Three essential practices for deploying progressive cloud systems Since progressive cloud systems rely on some elements of public-cloud platforms, businesses

5


Progressive cloud systems come in three primary variants.

EXHIBIT 1

Private front or backhauling

Public front or CSP default1

Public cloud or cleansheeting

A private-front topology routes all traffic through private data centers and deploys applications partly or completely in the public cloud.

A public-front topology places applications in the public cloud but allows users to access them directly. Data are stored in a private cloud with additional security controls.

A public-cloud or cleansheet topology places both applications and data in the public cloud. Enterprises apply cybersecurity controls from third-party services.

Customers

Employees

Customers

Employees

Virtual private network

Private infrastructure

Public infrastructure: IaaS, PaaS, SaaS2  Known and established security mechanisms  Simplified monitoring and debugging  Quick implementation  Higher costs because of increased traffic

Public infrastructure: IaaS, PaaS, SaaS

Private infrastructure

 Lowest-cost approach, but limited to offerings from CSPs  Potential creation of gaps when limitations are not understood  Greater scalability

Customers

Employees

Security apps and services

Cloud-access security broker

Private infrastructure

Public infrastructure: XaaS3

 Use of multiple solutions  Enhanced user experience4  Need for deep expertise in cybersecurity and cloud architecture; increased complexity and potentially IT costs  High potential benefits (45–60% savings on data-center costs)

1

Refers to the use of cloud-service-provider (CSP) security controls by default. IaaS = infrastructure as a service; PaaS = platform as a service; SaaS = software as a service. 3 XaaS = everything as a service. 4 For example, multiple device platforms with a single sign-on. 2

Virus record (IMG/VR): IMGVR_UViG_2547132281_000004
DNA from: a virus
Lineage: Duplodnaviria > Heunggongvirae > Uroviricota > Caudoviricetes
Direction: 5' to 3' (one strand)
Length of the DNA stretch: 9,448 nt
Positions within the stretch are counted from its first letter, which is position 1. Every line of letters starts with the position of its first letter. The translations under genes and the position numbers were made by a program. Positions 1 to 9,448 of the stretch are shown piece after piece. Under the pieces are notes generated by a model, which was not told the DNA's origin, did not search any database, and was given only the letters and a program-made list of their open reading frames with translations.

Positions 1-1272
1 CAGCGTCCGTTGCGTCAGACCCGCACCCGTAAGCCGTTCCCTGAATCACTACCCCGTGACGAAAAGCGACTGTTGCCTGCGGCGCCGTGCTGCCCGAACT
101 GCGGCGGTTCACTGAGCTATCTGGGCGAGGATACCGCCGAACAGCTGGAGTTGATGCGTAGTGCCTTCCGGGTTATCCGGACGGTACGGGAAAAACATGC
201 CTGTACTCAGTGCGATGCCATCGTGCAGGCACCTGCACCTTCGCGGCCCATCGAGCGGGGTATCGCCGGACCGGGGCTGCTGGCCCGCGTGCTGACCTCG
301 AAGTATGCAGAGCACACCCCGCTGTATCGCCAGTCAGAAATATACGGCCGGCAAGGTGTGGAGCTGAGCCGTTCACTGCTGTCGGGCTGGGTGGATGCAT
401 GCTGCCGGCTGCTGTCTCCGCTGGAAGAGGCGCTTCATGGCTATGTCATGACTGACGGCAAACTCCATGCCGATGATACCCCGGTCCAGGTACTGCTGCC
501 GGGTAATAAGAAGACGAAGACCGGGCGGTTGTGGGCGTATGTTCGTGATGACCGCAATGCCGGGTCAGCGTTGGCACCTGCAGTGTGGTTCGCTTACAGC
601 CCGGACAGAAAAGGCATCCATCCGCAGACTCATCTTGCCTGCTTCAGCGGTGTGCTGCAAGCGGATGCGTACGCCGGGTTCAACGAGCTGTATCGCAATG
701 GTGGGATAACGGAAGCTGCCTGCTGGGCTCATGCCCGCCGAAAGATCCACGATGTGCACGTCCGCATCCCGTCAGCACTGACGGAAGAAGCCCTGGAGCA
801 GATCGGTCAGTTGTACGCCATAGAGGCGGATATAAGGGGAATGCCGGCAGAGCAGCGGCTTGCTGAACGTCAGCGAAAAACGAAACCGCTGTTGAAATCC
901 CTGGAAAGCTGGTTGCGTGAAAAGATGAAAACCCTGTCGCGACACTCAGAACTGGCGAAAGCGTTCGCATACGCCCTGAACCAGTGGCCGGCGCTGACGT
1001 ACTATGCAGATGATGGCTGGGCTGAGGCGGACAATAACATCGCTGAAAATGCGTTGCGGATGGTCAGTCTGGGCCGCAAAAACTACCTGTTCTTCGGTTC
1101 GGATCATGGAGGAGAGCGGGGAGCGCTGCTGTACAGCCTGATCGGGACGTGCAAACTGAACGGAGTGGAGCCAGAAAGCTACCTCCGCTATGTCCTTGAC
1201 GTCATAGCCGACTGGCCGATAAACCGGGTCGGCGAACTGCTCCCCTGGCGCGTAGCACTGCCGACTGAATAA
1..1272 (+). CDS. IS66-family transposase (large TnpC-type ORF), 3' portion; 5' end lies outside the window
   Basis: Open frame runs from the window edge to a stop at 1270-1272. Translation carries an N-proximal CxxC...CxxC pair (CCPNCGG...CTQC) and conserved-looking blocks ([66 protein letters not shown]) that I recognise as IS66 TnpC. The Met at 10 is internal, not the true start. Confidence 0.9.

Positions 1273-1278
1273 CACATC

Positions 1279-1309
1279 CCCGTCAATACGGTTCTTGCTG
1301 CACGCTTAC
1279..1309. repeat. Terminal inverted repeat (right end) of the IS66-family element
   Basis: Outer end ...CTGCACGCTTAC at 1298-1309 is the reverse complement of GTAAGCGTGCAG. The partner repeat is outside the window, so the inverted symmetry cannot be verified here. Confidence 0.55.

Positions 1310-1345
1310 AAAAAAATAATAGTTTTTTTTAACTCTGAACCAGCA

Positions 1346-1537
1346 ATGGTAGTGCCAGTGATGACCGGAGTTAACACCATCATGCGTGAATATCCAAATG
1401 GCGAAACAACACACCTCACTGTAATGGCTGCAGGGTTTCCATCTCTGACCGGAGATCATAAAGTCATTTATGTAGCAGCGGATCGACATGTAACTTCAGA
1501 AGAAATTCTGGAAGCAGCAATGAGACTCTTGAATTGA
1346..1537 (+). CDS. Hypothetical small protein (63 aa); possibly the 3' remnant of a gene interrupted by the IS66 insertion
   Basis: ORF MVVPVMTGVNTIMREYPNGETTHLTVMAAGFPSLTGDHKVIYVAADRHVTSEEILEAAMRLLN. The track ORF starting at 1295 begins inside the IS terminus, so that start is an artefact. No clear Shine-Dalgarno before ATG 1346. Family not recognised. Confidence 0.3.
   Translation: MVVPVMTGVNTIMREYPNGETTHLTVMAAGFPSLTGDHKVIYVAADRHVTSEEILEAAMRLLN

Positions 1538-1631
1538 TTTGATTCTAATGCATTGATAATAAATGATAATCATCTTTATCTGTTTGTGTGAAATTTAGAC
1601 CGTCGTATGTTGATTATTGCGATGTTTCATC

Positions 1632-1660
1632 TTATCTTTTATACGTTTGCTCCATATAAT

that opt for these hybrid setups will still need to manage some of the complexity that the public cloud presents. In our experience, three issues—finance, operations, and talent—typically warrant extra attention and can be managed effectively using the following practices.

Know the costs of progressive configurations When devising a progressive hybrid-cloud configuration, most companies will want to consider more than innovative capabilities and security controls. Costs also matter. But comparing the costs of progressive options isn’t always straightforward.

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Prices and pricing models for public-cloud platforms change over time. Companies have to keep an eye on those changes and assess their effects. The characteristics of individual applications and data-storage systems affect technology costs too. A large financial-services company found that “input/ output-intensive” (or “I/O-intensive”) applications— those that read or write a lot of data—were costly to host in the public cloud because the CSP charged hefty “egress” fees whenever web applications made data calls to the company’s private data center. Storage was cheaper in the public cloud, though,


so it was economical to run storage-intensive applications there. (In some cases, companies have to copy data into the cloud, rather than move them there, which expands their storage footprint and inflates their storage costs.) Hybrid-cloud systems may require investments in bandwidth and controls for the connection between private-cloud and public-cloud platforms.

business, from application development, and from IT infrastructure in conducting the assessments and scoring applications accordingly. The following issues are worthwhile to explore: